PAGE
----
As vernacular labels for reinforcing conditions, the origin of a person’s values lies in his or her ethical communities. Although certain values may be shared within these communities, they are neither inherently good nor bad for the individual or for the culture in the long run. Someone may hang out with others who reinforce robbery or other illegal behavior, leading to that person engaging in such behavior because it yields not only direct benefits of such behavior (stolen goods, for example) but reinforcement from peers. Someone else may participate in a religious community that supports helping those who struggle to find enough to eat each day.
An example from the early days of ABA
As behavior analysts, we share ethical communities as well, and our professional behavior may be described in terms of various values supported by these communities. Consider, for example, the use of aversive events in therapeutic interventions. In the early days of ABA, practitioners routinely employed a variety of aversive stimuli to decrease unwanted behavior. The values associated with that professional behavior might be described in terms of our respect for the scientific and real-world evidence of the effectiveness of these practices (e.g., Axelrod & Apsche, 1983, Johnston, 1972), as well as our obligation to offer effective treatment services (Association for Behavior Analysis International, 1989).
Our ABA colleagues are not the only ethical community in which we are involved, however. Over the years, other professional communities pushed back against the use of “aversives” in ABA and the resulting brouhaha even spread beyond professional boundaries (Johnston, 1991). Although the history of these events is complicated, the controversy encouraged our field to reconsider our values regarding the use of aversive stimuli. Research increasingly pointed to alternative ways of addressing problematic behavior, mainly by identifying the influences on problem behavior via functional assessment and focusing interventions on those factors (Hanley, Iwata, & McCord, 2003). Over time, the ABA clinical model evolved to one in which “aversives” play a relatively minor role, accompanied by careful restrictions. In other words, the values associated with ABA regarding aversive consequences gradually changed to a substantial degree, from routine use of them to routine avoidance. Indeed, most of today’s practitioners are probably unaware of the values concerning “aversives” that were widely accepted in the early years of the field.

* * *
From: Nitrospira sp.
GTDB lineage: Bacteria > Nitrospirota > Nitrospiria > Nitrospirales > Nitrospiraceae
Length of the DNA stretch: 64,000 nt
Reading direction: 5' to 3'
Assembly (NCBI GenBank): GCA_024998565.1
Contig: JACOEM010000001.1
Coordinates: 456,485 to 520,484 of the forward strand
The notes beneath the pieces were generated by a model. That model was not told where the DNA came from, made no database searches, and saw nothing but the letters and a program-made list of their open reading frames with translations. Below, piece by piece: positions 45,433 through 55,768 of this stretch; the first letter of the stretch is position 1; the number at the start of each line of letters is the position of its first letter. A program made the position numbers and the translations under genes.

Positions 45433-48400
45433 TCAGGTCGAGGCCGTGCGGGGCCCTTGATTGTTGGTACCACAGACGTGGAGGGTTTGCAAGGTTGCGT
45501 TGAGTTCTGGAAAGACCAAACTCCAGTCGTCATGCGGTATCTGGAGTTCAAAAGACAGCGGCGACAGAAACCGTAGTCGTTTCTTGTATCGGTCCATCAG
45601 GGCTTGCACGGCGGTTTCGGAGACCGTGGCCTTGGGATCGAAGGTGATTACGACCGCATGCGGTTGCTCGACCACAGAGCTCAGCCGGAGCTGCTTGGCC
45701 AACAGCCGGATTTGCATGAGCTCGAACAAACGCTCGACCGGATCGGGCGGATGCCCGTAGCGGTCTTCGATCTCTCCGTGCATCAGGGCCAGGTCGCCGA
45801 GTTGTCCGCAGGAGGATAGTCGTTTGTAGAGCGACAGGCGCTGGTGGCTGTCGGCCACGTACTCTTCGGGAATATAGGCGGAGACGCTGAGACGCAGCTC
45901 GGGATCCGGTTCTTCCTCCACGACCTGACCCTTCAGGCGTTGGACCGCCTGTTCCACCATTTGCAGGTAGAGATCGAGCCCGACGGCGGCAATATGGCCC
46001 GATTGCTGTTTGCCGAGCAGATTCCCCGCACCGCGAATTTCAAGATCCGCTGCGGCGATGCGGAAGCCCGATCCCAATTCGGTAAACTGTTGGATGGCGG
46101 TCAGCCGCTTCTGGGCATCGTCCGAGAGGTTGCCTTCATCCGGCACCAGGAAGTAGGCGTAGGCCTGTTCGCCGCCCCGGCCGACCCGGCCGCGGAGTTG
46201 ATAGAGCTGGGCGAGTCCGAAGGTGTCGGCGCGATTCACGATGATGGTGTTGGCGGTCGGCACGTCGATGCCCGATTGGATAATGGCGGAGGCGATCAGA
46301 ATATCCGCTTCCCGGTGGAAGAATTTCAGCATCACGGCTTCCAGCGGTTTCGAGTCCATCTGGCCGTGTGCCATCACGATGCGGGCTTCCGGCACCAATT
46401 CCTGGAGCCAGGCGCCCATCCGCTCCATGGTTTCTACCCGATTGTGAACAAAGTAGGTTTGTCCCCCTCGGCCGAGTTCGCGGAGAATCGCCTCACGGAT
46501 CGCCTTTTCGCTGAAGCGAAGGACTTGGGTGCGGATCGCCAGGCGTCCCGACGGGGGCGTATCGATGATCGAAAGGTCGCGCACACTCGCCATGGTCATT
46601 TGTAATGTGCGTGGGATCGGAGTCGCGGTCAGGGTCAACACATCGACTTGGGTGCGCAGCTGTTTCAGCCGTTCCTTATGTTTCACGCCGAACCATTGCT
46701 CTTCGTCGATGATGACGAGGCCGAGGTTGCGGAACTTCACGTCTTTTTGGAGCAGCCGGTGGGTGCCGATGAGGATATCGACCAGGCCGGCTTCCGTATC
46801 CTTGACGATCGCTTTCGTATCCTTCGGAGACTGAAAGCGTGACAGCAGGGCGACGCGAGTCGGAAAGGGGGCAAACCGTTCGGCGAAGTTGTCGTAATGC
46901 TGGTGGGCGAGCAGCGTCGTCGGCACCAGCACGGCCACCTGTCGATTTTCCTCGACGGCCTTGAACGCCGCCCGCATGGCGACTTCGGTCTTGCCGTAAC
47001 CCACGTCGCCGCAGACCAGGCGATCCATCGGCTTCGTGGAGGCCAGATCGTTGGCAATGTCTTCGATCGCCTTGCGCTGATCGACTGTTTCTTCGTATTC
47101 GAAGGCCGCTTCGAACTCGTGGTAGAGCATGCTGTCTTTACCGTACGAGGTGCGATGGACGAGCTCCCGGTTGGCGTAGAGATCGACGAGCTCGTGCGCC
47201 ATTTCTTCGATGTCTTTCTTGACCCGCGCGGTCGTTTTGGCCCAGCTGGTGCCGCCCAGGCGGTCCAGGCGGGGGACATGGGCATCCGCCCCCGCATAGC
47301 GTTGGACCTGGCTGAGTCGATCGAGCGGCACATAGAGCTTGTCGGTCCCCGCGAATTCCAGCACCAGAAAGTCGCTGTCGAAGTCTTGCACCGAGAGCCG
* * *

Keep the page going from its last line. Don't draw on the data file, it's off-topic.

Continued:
Engineering our professional values
With the advantage of an enlightened understanding of values, behavior analysts have the opportunity not only to reflect on the origin of various values that seem to characterize our field, but to adopt values we believe are in its long term interest. We need not naively accept professional values just because they seem apparent. We can assess their origin and impact and then engineer changes in shared values that we believe will be best for the ongoing development of the discipline. Pushed by the contrary values of other professional communities, as well as the culture at large, this is what happened as a result of the aversives controversy.